Please inform the Applicant of my decision.  This determination is the final decision on this matter pursuant to 44 C.F.R. § 206.206, Appeals.

 

                                                                        Sincerely,

                                                                             /S/

                                                                        Ana Montero

                                                                        Division Director

                                                                        Public Assistance Division

 

Enclosure

cc:  Gracia B. Szczech  

Regional Administrator

FEMA Region IV

Appeal Analysis

Background

On April 19, 2020, severe storms, tornadoes, and straight-line winds caused damage throughout the State of Alabama.[1]  Alexander City (Applicant) requested FEMA provide Public Assistance (PA) funding for Private Property Debris Removal (PPDR) on December 22, 2020.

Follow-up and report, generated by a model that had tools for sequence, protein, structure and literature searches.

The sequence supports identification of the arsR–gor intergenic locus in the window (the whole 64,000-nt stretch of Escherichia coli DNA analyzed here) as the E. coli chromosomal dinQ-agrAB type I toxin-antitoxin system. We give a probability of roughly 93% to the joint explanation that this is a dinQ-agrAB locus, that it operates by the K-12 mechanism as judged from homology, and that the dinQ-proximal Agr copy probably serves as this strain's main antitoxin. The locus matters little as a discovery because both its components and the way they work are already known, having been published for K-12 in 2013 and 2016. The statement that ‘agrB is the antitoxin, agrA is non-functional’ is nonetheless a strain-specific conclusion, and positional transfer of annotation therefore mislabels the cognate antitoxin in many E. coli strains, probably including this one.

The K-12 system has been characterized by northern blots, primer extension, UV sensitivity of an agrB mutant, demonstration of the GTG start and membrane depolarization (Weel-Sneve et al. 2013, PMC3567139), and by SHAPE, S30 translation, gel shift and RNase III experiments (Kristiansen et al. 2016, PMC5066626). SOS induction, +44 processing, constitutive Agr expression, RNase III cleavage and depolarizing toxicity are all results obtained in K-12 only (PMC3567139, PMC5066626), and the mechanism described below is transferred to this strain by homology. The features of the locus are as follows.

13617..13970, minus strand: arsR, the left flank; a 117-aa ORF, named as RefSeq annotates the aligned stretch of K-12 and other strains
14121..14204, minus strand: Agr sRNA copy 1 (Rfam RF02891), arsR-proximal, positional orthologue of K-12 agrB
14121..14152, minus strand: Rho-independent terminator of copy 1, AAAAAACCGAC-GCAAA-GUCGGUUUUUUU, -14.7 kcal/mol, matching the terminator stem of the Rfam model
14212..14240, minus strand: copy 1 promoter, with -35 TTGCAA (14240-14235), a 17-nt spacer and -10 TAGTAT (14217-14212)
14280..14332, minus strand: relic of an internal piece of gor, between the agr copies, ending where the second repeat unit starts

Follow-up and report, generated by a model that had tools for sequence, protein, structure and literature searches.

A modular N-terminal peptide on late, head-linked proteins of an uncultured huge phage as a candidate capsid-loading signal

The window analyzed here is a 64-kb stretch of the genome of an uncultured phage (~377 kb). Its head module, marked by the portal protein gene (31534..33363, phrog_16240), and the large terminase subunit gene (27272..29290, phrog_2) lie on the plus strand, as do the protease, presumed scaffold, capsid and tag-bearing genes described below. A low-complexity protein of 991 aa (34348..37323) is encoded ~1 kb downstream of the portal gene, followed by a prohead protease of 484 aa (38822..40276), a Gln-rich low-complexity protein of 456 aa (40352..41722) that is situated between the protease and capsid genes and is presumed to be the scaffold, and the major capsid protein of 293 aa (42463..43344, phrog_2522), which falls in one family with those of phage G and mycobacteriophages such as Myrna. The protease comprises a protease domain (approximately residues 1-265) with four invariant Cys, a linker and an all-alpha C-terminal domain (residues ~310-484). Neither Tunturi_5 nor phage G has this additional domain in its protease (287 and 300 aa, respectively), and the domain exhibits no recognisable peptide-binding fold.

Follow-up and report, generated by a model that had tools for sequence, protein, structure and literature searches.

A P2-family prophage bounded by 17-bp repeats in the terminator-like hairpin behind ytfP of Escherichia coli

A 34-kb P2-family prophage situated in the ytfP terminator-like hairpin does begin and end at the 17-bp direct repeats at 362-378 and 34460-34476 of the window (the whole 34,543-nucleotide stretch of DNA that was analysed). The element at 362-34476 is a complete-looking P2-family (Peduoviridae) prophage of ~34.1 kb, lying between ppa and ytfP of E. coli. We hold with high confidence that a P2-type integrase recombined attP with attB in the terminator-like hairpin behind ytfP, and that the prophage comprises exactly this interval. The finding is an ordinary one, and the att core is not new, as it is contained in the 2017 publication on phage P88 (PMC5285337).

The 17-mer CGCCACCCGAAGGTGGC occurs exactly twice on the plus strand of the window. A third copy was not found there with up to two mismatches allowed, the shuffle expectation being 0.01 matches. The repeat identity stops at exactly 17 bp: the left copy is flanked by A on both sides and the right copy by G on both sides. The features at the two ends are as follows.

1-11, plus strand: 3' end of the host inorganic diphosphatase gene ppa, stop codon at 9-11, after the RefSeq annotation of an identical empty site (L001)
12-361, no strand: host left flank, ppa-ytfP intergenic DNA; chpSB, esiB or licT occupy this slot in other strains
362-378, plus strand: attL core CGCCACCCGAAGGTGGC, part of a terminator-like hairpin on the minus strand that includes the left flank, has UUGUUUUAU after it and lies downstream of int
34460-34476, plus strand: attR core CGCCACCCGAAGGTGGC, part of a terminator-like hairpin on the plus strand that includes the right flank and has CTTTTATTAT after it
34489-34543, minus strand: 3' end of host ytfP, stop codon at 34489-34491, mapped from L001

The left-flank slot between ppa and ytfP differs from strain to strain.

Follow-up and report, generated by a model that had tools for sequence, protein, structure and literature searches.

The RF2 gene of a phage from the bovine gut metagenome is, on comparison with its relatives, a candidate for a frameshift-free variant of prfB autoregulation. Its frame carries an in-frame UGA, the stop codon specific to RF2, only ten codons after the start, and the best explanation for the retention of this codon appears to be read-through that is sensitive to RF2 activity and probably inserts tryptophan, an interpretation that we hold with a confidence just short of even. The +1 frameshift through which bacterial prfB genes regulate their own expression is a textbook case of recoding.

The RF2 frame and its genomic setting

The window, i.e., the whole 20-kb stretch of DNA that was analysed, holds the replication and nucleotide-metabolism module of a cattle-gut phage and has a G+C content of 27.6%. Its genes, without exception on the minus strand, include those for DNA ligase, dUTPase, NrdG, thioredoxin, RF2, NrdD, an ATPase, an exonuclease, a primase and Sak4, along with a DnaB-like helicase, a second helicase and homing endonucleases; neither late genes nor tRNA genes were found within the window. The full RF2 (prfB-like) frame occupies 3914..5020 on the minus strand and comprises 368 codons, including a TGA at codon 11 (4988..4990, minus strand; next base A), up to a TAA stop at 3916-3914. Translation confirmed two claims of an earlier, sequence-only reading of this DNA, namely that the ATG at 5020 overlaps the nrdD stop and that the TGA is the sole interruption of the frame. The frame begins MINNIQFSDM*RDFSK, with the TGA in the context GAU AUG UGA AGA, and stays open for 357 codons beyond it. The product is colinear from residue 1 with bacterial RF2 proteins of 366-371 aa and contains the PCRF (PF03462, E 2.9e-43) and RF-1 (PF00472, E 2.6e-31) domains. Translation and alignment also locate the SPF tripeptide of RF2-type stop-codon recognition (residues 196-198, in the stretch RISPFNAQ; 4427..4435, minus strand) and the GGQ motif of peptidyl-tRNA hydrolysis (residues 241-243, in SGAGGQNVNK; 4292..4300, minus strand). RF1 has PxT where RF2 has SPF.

The debris in question included standing dead pine trees on privately-owned lots throughout the city.  In support of its claim for assistance, the Applicant submitted multiple documents including a November 16, 2020 City Resolution, which states that removal of these trees on private property would constitute a “public purpose” given their proximity to homes and yards causing risk of injury and/or death; and a November 2020 windshield survey of claimed debris with photographs and GPS coordinates.[2]  The request also stated that the pine trees represented: (1) a falling hazard to homes and other structures and utilities; and, (2) a massive outbreak of pine beetles had infected the dead trees and created a risk of spreading to pine forests in the state.